#437: Murder on Safari (1938) by Elspeth Huxley

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Lightning could strike twice, right?  I went into Max Murray’s The Voice of the Corpse (1948) last week knowing nothing about it and that turned out rather well, and no less authorities than Xavier Lechard and Nick Fuller had enthused about this in recent weeks.  Plus, in the comments on that above post, TomCat — who knows my standards pretty well, I feel — called Murder on Safari (1938) “a wonderfully written detective story with a splendid backdrop, [that] plays scrupulously fair with the reader”.  So, despite (deliberately) knowing nothing about this one either, this wasn’t a risk at all.  Kick back, and let the good times roll.

The title might have you dreaming of some sort of web browser-based modern novel of computer terror and suspense, but the date will banish any such fears: page one has Great White Hunter Danny de Mare consulting Superintendent Vachell of the Chania C.I.D with regards the pilfering of some valuable jewels from the fabulously wealthy sponsor of the animal hunting party he’s chaperoning in the vicinity of that fictional African province.  As Lady Baradale herself puts it when Vachell is brought out to the camp under the guise of replacing the second hunter attached to the party, “I’m afraid you won’t have to look farther than the white section of the camp for the thief” — this is GAD, remember, so the servants are never guilty, though here with the somewhat backhanded consideration that a native would have simply grabbed “anything that sparkled”.

However, the book is not called Theft on Safari, and soon Vachell is out in the wilds with a closed circle of suspects as one of the members is shot, the murder ingeniously disguised — really, Huxley makes superb use of her setting throughout — and so the ante may be considered seriously upped.  From here, it follows fairly standard 1930s detective novel lines, but told with a very pleasing twist as the usual suspects must be observed — alibis, weapons, ammunition, etc — but the setting means this must typically be achieved in a creatively untypical manner: an alibi of someone shooting at buffalo, for instance, requires trackers to go to the site where the shooting is claimed to have taken place, and establish how long ago buffalo were at the site based on footprints, faeces samples, and the like.  You remember how in most of Iron Man 3 Tony Stark is deprived of his suit and so must creatively use bits of it or other means to achieve his ends?  This is the 1930s Iron Man 3.  But good.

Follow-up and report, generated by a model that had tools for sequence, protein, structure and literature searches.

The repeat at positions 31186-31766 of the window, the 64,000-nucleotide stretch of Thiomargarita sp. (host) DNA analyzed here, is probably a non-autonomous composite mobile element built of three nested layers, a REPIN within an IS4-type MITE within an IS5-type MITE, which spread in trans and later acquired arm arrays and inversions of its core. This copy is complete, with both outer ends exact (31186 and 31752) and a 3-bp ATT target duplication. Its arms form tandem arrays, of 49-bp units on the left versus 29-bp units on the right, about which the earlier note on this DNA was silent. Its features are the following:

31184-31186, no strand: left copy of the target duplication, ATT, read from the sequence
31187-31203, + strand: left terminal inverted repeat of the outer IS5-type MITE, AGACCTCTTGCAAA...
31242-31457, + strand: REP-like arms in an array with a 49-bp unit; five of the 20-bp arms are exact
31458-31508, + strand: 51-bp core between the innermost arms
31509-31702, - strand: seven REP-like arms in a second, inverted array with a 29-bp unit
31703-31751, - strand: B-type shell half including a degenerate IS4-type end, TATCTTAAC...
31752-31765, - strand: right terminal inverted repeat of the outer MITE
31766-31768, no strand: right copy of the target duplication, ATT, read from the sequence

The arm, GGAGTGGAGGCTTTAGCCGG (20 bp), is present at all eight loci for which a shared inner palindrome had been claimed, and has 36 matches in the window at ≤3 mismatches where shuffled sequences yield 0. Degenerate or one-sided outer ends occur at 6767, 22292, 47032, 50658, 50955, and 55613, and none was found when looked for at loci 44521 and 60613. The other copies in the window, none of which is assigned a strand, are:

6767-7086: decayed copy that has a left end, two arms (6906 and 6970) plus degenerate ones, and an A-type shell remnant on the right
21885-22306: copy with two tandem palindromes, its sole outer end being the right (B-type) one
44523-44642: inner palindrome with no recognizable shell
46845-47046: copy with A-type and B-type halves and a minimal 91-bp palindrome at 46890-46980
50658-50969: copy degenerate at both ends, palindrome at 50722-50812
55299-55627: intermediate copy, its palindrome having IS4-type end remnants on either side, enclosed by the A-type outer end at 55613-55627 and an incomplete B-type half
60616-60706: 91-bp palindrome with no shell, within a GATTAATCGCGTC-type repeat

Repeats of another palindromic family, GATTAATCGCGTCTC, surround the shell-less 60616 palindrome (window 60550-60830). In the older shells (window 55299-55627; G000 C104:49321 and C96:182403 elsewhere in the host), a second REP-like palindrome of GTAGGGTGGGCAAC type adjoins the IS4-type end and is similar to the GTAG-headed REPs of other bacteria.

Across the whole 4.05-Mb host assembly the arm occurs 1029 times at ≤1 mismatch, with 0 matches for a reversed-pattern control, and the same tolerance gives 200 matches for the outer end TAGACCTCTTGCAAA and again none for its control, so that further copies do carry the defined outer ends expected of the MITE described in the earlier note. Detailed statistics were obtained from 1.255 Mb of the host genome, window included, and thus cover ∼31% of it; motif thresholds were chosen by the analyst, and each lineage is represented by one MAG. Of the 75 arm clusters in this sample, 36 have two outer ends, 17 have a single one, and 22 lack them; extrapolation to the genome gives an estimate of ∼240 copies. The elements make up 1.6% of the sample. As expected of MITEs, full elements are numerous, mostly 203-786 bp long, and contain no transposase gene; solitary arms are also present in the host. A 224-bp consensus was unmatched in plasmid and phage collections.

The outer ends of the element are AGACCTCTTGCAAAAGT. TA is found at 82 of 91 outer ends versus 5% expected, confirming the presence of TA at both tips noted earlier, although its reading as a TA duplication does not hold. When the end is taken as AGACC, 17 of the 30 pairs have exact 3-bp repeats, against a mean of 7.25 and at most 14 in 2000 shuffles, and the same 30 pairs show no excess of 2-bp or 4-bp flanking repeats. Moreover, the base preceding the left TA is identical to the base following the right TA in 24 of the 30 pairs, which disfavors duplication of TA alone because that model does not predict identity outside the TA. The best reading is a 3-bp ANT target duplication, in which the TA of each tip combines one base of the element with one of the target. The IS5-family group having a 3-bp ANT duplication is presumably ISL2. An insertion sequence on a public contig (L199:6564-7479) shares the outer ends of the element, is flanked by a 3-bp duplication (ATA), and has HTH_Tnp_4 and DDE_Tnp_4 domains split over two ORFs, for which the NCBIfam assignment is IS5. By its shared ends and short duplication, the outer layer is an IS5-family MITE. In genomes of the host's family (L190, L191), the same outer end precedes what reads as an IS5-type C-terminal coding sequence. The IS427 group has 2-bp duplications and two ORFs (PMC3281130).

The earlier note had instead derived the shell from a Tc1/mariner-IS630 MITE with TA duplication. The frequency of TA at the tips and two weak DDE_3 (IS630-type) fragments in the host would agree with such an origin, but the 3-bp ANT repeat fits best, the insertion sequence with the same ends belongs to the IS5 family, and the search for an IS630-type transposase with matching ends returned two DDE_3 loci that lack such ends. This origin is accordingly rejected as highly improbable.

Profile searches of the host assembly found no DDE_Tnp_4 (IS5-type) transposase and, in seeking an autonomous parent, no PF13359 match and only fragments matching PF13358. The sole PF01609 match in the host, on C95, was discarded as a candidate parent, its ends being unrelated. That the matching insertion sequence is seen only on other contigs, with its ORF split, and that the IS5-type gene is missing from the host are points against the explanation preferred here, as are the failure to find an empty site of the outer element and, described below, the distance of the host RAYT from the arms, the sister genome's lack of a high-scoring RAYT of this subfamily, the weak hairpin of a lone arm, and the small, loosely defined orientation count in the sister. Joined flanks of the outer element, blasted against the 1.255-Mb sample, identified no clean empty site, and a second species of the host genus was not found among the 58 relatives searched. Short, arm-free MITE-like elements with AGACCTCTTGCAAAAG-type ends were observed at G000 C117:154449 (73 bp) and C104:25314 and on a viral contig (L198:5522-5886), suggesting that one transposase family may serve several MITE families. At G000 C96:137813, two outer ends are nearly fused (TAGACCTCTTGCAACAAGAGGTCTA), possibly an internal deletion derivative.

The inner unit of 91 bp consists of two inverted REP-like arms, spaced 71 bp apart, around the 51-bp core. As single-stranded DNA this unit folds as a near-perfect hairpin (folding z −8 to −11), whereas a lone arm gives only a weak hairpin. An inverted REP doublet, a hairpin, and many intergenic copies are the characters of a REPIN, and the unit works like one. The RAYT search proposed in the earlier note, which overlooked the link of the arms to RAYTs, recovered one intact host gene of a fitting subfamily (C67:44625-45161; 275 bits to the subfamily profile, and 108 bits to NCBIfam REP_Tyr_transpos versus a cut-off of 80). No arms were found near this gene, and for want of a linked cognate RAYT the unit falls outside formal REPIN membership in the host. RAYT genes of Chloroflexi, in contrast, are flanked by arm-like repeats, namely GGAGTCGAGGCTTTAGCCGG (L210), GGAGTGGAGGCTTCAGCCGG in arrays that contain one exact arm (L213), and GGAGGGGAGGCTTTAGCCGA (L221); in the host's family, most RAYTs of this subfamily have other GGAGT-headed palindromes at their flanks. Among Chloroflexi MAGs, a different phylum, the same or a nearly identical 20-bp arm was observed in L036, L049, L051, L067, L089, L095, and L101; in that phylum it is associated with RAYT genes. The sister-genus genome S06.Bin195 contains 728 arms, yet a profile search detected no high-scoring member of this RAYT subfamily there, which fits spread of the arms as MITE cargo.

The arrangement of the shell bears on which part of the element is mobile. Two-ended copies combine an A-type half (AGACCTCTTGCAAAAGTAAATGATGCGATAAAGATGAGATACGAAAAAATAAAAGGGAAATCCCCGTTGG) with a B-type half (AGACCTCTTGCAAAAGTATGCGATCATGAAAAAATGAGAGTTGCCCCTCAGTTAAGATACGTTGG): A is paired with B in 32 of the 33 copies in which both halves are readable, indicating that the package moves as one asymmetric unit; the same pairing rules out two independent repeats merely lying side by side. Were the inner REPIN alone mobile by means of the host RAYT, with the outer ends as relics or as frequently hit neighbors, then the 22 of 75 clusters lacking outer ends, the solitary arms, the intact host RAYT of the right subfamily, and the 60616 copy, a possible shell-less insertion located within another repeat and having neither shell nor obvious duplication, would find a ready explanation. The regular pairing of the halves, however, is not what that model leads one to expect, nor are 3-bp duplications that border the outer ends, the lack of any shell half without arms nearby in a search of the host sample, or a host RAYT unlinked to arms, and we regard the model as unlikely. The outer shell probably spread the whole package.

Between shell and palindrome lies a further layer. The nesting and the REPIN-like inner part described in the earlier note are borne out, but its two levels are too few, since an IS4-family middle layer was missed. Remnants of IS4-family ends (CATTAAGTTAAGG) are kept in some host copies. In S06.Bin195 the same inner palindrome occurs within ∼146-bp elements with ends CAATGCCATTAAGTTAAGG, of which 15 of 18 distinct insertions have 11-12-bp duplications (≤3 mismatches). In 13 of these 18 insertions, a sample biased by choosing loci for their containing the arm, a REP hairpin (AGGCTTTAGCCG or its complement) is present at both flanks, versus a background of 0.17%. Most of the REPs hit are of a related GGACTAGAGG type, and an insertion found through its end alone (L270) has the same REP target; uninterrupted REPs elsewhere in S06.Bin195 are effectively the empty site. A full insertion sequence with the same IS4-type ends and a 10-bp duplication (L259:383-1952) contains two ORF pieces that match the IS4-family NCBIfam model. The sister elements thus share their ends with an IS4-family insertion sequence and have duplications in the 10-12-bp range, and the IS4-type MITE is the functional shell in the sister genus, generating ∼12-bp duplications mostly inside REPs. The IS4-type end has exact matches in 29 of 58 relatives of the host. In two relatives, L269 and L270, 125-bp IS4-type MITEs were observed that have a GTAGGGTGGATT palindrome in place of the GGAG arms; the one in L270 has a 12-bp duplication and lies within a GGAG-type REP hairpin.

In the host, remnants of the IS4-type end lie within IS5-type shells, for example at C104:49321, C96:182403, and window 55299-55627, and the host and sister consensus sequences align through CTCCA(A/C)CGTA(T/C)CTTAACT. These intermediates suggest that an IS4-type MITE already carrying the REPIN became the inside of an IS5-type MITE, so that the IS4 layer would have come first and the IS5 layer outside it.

To be perfectly honest, the only thing that didn’t work for me was the solution: after such a loving exploration of the setting and the nature of the activity at the heart of the book, the fact that a killer must be identified comes as something of a let-down on two counts.  The first is that it’s all rather obvious, to my eye at least, and the second is that Huxley’s scrupulously brilliant regaling of the crime and motivations (complete, as you’ll no doubt have heard, with entirely needless but fun footnotes telling you where clues can be found — a lodestar of how to sprinkle actual clues throughout your narrative) begins with a huge moment of “Well, if we assume this…” in order to jump onto the logic train which a) stands out like a warthog in a pigeon coop and b) undoes a lot of the killer’s enterprise.  It also gives rise to one of the weirdest final pages of probably any GAD novel I’ve ever read…just, like, what the hell is that?

But, well, elsewhere it’s pretty difficult to fault.  Huxley’s characters are superb, a collection of loose and fine tics and traits where others might colour in some with a banshee wail of bright colours or deliberate herring smells.  Gordon Catchpole’s interior design expert with his straining of words in really the most obnoxious manner is a beautiful deployment of dialogue allowing us to see for ourselves what needn’t be — and isn’t — rammed down our throat by having someone else tell us what a twat he is, and Vachell is a pleasingly clueless dolt who never saw a wild animal he couldn’t mistake for an anthill, a pair of dungarees, or literally anything except the threat to his life and well-being that it is.  And the aloof, intelligent, wry expert pilot Chris Davis seems to have a great deal more agency than the typical woman in this sort of role in the 1930s would usually be granted: as good with a trenchant and accurate observation as she is loyal to a fault (seriously, that last line of chapter 17 — gives me chills).